If a lightbulb burns out at the preschool where she works, Bernice Young climbs a ladder to change it. If playground trees shed their leaves, she comes out with the leaf-blower. She mops the restroom stalls and shampoos the classroom carpets. For generations of 2-to-5-year-olds who call her Miss Bernice, she has brought the blankets for nap time and Cheez-Its for snack time.
After 23 years of custodial work in preschools from Hollywood to South Los Angeles, she said, her pay has climbed from $10.01 an hour to $18.86 an hour. It is barely enough to make the rent on a $2,000-a-month one-bedroom apartment she has found.
“My hands are bad. My knees are bad. My legs are bad. But I come to work every day,” said Young, 58, who works at Esther Collins Early Education Center on 52nd Street in South Los Angeles. “I love my job but the pay is horrible and it’s been horrible for many years.”
At Los Angeles Unified, the nation’s second-largest school district, she’s part of a legion of employees — from bus drivers to teacher’s aides, food servers to janitors — who serve schools in the background and are in many ways the essential workers of campus operations. Her 30,000-member union is preparing for a three-day strike on Tuesday in their drive for higher wages and will be joined by teachers in solidarity.
With most employees expected to be gone, the district is keeping its 420,000 students off campus and providing no live instruction, although all employees will be able to report to their job sites.
Young’s union, the Service Employees International Union Local 99, is pushing for a 30% pay hike plus an additional $2 per hour for the lowest paid workers.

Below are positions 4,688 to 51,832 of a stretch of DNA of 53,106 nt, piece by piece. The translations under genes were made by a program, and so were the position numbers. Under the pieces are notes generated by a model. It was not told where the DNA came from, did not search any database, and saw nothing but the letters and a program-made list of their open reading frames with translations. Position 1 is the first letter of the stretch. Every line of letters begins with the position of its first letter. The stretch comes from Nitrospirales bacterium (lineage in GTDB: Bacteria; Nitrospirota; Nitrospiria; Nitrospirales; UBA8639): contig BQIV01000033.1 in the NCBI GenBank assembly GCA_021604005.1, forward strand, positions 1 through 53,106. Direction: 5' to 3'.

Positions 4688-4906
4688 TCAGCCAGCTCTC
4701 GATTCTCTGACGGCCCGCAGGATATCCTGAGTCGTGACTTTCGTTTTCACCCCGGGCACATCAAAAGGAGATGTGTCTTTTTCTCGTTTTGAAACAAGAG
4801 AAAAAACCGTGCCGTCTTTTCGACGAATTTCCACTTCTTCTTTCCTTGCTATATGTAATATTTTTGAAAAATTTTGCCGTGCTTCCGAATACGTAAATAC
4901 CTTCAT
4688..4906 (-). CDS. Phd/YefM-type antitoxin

On Friday the district increased its offer to Local 99, presenting a 19% ongoing increase over three years and a one-time 5% bonus for those who worked in the 2020-21 school year. The district also launched a last-ditch legal effort late Friday with California labor regulators to stall or prevent the strike, but it’s unclear if a decision will be made in time, and no negotiations are scheduled before the strike date.
The teachers union, also in the midst of contract negotiations, is seeking a 20% wage increase over two years and also is bargaining for a wide-ranging list of initiatives, including extra support for Black students and affordable housing for low-income families.
The closures caught parents by surprise, sending them scrambling to find daycare or take time off work. Teachers are sending home packets of schoolwork and computers. The school district and community organizations are throwing together plans to feed tens of thousands of children who rely on schools for most of their meals during the week. Los Angeles city and county parks departments are organizing daylong activities and supervision.
Young, who serves as a union strike captain, works full time and has health benefits. But she regularly stays beyond her eight-hour shift to finish the chores of the day and is determined to do what it takes to improve working conditions.
“You do get taken advantage of,” she said. She is always on her feet. “All day long, honey, every day. I sit down when it’s my lunch time, my break time. Other than that, all day long.”
She said she hopes the strike sends a message.
“We don’t want to keep living in poverty all our lives,” she said. “The wages, that’s a big deal — to be working so long and to not make nothing.”
At 56, John Lewis has been driving buses for the school district for 34 years, a job that now earns him $34 an hour. He climbs onto his six-wheel yellow bus at the big Gardena depot at 5:30 a.m. and climbs off at 5:30 p.m.
On his current route, he picks up and drops off about 50 students from Bancroft Middle School and Fairfax High. He is assigned some students for six years, driving them through childhood into the cusp of early adulthood.
“I love what I do. I love being around kids. We’re the first person they see in the morning and the last person they see when they get off the bus,” Lewis said. “To see them grow, that’s amazing. … It’s not like we wish to interrupt their education, but we have families and we want to be respected and to make a decent wage.””
The average pay for the Local 99 unit that includes bus drivers, custodians and food service workers is $31,825. The average annual pay for instructional aides, including for special education, is $27,531. Teacher assistants on average make $22,657. After-school program workers on average make $14,576.